Monthly Archives: August 2013

A tale of two agencies

Mixed experiences with two arms of the state today.

On my list of to-dos after moving was to sign up with a quack locally.  Last week I got around to googling for GP practices in the area.  It presented them nicely on the map, and I see there’s exactly one that’s genuinely local.  Looks like an easy choice, and a neighbour speaks highly of them.

So last Thursday I went round there.  They required identity documents which I didn’t have: I offered bank/credit cards, but don’t carry anything else around.  Come back with a utility bill or similar showing my address.

OK, I can do that, and today (Thursday being my usual free day during the week) I went back, bearing gas and electricity bills and a bank statement.  Nope, not sufficient: this time they insist on photo-ID.  Buggrit, why couldn’t they have told me that before?  I’m fine with them asking for it[1], but annoyed by lack of consistency.

As it happens, my old passport expires in September, and I had sent it off just last week as supporting document in my application for a new one.  So I had no photo-ID.  Looks like I’ll have to wait.

Then early afternoon today there’s a knock at the door.  Mail delivery to sign for: it’s the new passport.  So that’s taken just one week.  OK, it’s just a renewal, and I guess I’m a straightforward case ‘cos I’m easy to recognise from the ‘photo in the old passport.  But even so, they say simple renewals should expect three weeks and allow for more.  So finally I can go and sign up for a local quack.

Full marks to the passport office for efficiency.  Bottom of the class to the NHS for vagueness and inefficiency and messing me about.  OK, not exactly critical, but it seems depressingly reminiscent of when it does matter.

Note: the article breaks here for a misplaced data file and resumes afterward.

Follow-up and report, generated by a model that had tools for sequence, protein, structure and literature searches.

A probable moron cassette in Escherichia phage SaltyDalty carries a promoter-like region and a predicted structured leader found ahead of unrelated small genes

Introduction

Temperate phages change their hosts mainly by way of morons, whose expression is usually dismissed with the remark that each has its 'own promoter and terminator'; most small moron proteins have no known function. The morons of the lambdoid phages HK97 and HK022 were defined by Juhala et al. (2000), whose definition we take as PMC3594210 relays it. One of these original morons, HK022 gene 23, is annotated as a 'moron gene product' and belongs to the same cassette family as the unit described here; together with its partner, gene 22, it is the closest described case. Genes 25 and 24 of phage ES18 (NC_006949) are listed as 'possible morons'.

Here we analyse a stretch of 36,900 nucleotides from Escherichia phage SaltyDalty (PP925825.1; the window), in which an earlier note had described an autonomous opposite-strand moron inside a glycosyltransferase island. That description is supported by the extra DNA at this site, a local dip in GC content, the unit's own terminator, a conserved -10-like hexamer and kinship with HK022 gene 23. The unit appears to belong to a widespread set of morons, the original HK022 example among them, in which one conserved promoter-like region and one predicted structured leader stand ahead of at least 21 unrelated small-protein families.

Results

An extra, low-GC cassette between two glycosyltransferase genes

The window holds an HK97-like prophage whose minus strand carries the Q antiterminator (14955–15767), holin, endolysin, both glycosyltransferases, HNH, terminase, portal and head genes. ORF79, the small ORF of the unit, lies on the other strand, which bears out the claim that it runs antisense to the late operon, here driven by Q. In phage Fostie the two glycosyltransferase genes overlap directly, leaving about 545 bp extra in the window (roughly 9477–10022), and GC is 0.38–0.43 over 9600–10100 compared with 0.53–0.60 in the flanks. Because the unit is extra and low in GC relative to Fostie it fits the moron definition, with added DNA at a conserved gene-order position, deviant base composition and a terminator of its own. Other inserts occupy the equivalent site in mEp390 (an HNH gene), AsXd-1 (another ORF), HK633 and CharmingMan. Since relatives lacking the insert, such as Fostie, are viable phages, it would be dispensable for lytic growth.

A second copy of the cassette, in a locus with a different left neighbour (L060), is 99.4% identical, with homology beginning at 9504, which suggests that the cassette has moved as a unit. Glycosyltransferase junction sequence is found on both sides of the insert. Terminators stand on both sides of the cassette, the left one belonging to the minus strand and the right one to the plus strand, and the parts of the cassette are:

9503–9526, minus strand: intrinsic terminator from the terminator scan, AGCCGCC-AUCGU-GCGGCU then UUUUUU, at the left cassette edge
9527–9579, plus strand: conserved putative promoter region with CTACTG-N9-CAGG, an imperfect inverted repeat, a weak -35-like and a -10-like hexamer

[1] Though it seems perverse in a country where we aren’t required to possess any form of photo ID, and not everyone has any.


This year I have my own private supply of blackberries.  That is to say, I have brambles in the garden, with no human competition for them.  Nor indeed their customary companion, nettles.

Having today picked my second big batch of the season, I am astonished by both the quality and quantity of what I can easily get from just a few bushes.  Yes the weather has been great for them with a good mix of sunshine (the dominant theme this summer) and also a healthy amount of rain.  But I’m sure having them to myself, with the neighbourhood cats probably even reducing competition from the birds, is the main reason they’re so great.

This gives me a happy problem of excess.  Even freezing a lot of them (as I always do) I’ll have desserts to last me more than the year to next season, so I’m going to have to find other uses for them.  Two that spring to mind are giving them away and repeating the delicious chutney I made a few years ago, last time we had a really good season and I wasn’t incapacitated by that tennis elbow.